Depression in the Pandemic

Depression in the Pandemic

The pandemic has been accompanied by an uptick in individuals experiencing mental health issues, including depression. Many people already suffer from seasonal depression, where they become more depressed generally in Winter or Summer months, affected by the shorter and longer days, as the season changes. This year the short days seem to be compounded with the effects of months on end of “pandemic fatigue.”

We already know to watch out for sleep and appetite changes, lack of energy, loss of interest in usual activities, and social withdrawal and isolation as symptoms of depressed mood. And many of these symptoms have worsened during the pandemic. Going for months on end without a regular routine, lack of access to many of the activities we used to enjoy (ie. travel, gyms, yoga and dance studios), isolation from social groups and family, and excessive time spent in our homes has certainly contributed to what is quickly becoming a worldwide mental health crisis.

Many of the changes the past year have altered lifestyles for individuals. Individuals who used to go to the office to work have been working from home, which perhaps seemed to be a luxury in the past. Kids have been kept home from school, or have gone part time, necessitating changes in childcare situations and parent’s work schedules. Workout routines have been affected, as have sleeping and eating habits. Family gatherings and holiday events were canceled, and many individuals have experienced ongoing and continuous social isolation.

It’s no wonder that our nation has been flooded with mental health crises. Let us consider that mental health issues may even be commonplace. This is not to minimize the struggle, but to point out that indeed, many more individuals appear to be struggling with emotional and mental health issues.

How do we cope with all the changes the past year has brought? How do we keep pushing on through the fatigue? How can we begin to lift the clouds of depression?

One word reigns supreme in the quest for mental wellness; HOPE. Belief that things will improve, that our situation will get better. That our lives have significance, and despite all the losses of the past year, we can continue to live a “life worth living.” I love referencing the existentialist philosopher, Viktor Frankl, who created a theory around human motivation and the search for meaning in life. Meaning is something that propels us forward, that gives us drive and purpose. Part of his theory mentions that this meaning is created through cultivation of three values: creativity, experiences (ie being of service to others), and through changes in attitude (ie. through changing perspective or practicing acceptance). One of my favorite activities as a group leader at the psychiatric hospital, was to give the patients an assignment to create a “life worth living,” by Frankl’s design. Patients of all ages could relate to the quest, and most of them participated fully in the activity. This was a sign that human motivation is, in fact, encouraged by these outlets!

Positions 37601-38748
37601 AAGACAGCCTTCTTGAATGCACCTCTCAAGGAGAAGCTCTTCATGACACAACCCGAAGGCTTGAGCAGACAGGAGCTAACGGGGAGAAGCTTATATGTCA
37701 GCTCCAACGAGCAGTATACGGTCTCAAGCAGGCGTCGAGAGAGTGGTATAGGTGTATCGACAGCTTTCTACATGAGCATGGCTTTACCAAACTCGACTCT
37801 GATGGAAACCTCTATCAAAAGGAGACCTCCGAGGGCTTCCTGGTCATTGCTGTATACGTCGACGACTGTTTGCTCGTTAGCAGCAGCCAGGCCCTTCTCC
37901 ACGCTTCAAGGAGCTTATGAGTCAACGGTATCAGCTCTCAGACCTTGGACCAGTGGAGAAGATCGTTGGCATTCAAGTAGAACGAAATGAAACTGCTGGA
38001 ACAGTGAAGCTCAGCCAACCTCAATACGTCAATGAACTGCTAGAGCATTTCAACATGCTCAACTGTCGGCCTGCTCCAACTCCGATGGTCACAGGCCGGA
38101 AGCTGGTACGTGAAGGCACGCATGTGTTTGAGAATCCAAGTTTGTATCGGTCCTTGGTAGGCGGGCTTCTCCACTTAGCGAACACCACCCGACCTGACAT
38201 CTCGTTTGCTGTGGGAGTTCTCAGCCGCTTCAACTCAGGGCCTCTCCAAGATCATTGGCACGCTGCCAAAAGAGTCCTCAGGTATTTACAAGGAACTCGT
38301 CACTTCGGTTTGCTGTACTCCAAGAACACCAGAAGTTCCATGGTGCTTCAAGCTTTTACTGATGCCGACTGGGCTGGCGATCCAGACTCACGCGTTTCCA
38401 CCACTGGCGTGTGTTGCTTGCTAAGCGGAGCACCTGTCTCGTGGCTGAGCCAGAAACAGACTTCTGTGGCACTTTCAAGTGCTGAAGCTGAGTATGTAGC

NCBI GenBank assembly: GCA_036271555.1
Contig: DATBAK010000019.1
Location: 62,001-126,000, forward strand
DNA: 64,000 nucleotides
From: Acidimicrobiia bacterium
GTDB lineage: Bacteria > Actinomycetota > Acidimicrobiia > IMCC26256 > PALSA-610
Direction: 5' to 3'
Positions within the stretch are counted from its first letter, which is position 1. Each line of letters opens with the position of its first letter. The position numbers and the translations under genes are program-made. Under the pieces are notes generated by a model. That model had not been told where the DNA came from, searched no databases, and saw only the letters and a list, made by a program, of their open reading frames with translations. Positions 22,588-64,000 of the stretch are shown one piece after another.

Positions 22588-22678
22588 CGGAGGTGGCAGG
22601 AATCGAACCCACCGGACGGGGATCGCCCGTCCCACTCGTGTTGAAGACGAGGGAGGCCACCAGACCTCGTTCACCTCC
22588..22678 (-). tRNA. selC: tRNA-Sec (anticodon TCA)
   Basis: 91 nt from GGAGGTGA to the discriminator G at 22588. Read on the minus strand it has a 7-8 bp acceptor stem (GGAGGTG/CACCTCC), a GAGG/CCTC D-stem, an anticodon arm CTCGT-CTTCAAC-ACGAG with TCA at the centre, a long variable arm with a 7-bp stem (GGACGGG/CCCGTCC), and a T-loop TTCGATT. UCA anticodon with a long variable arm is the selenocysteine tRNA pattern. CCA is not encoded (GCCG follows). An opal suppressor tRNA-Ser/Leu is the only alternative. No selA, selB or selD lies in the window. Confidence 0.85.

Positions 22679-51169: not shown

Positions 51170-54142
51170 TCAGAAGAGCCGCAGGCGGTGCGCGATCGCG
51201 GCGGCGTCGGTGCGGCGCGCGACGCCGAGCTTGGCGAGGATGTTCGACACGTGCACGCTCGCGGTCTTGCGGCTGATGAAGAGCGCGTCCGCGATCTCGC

1. Consider outlets that would infuse more creativity into your life. This might be through writing, self-expression, art, music, invention, hobbies, activities.

2. Reflect on experiences that have given your life a sense of meaning and purpose, for example: traveling to different places, experiencing other cultures, nature walks, engaging in spiritual endeavors.

3. Challenge pre-existing attitudes and push yourself to see the world through a new lens. Adopt a new perspective on a situation, and consider the larger picture. This will allow for freedom of thought and room for healthier attitudes to take root.

Another existential concept is that our lives are full of choices in the moment, and we must realize that we have an opportunity, in many situations, to make wise decisions. Even if we cannot control the circumstances surrounding a situation, we can choose our attitude, which influences the way we think and feel. If we can learn to radically accept (in DBT) the things we cannot change, and adapt to the situation any way we can, we will experience greater peace and freedom from emotional suffering.

The Editors of Encyclopedia, Brittanica. (2020, August 29). “Viktor Frankl”